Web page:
significantly over the years. Proxy advisors will recommend that their
clients vote against the re-election of directors who fail to implement
advisory proposals that receive a majority of votes cast.
Moreover, in 2015 large institutional investors will use non-binding proxy
access shareholder proposals to pressure boards on other issues, including
climate change, board diversity and executive compensation issues. It was
recently announced that New York City Retirement Systems has filed proxy
access proposals with 75 companies to give shareholders a greater voice in
nominating board members. In 2014, of the 14 proxy access proposals that
went to vote, six received majority support, with an average support of
Financially focused shareholder activism tends to seek relatively
immediate returns to shareholders through the sale of assets, payment of
special dividends or share buybacks. These activists often use tools of
governance activism, such as efforts to seat directors, to achieve their
goals. Emerging research suggests that shareholder activism may provide
some immediate wealth for some shareholders. However, this may be at the
expense of long-term gains.
debate between Harvard Law Professor Lucian Bebchuk and Martin Lipton on
the wealth effects of hedge fund activism provides valuable perspective
(see Harvard’s Corporate Governance Blog, available at
blogs.law.harvard.edu). Bebchuk argues that hedge funds are not
“myopic activists,” and instead, bring long-term improvements to the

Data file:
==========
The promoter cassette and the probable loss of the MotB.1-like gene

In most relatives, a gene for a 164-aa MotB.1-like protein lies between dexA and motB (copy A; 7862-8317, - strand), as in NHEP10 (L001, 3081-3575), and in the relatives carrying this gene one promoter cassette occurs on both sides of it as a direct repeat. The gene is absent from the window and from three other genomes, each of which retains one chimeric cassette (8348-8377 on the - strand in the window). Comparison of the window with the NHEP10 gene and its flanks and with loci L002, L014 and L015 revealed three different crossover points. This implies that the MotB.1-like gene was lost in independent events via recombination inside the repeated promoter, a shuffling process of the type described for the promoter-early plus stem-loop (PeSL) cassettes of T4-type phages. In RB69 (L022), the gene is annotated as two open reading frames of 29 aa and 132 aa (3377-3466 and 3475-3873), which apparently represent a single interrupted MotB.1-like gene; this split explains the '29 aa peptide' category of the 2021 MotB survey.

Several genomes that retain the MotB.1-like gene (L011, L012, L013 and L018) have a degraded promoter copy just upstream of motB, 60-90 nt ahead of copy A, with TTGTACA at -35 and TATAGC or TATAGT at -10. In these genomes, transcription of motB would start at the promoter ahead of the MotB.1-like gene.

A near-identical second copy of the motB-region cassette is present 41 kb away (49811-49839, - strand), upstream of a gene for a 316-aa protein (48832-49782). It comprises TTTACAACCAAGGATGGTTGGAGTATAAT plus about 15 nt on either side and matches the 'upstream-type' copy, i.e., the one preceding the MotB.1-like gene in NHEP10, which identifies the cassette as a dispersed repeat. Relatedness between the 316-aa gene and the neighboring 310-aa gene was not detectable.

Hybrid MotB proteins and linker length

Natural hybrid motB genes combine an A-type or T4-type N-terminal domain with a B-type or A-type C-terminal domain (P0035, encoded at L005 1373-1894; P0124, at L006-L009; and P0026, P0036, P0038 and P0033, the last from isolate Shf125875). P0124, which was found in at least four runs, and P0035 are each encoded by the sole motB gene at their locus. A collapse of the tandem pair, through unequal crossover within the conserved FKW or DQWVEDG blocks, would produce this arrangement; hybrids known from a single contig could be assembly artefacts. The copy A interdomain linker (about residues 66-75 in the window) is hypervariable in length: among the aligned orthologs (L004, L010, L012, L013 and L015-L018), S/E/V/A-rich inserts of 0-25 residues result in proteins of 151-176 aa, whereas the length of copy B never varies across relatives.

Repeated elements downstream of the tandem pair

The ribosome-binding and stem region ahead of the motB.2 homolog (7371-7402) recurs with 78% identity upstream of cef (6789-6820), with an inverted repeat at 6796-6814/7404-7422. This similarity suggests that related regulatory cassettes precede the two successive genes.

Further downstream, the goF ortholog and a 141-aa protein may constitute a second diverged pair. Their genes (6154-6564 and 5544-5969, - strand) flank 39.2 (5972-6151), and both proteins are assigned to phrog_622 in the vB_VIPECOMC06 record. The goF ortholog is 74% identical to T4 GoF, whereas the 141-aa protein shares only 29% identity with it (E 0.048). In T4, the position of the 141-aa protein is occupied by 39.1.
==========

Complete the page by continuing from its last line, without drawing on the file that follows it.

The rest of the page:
However, a recently published paper from the Institute for Governance of
Private and Public Organizations finds flaws in Bebchuk’s research (”Activist”
hedge funds: creators of lasting wealth? What do the empirical studies
really say?, July 17, 2014). The paper concludes that activist funds
may create some short-term wealth for some shareholders, because investors
tend to jump to the stock of targeted companies upon the announcement of
activist activity. However, the paper states that there is little evidence
of any long-term wealth creation:
“In a minority of cases, activist hedge funds may bring some lasting
value for shareholders but largely at the expense of workers and bond
holders; thus the impact of activist hedge funds seems to take the form
of wealth transfer rather than wealth creation.”
paper also notes that hedge funds tend to focus on the short-term, with
half of their interventions lasting fewer than nine months.
Litigation and Protectionism
Corporations today are routinely subject to shareholder litigation which
is often paid for by corporations and, by extension, their shareholders.
According to an oft-cited paper by Matthew Cain and Steven Davidoff, in
2013, 97.5% of takeover transactions valued at over $100 million resulted
in shareholder litigation, up from 39% in 2005. Board decisions and proxy
disclosures related to executive compensation are also leading to an
increase in shareholder litigation, although on a smaller scale.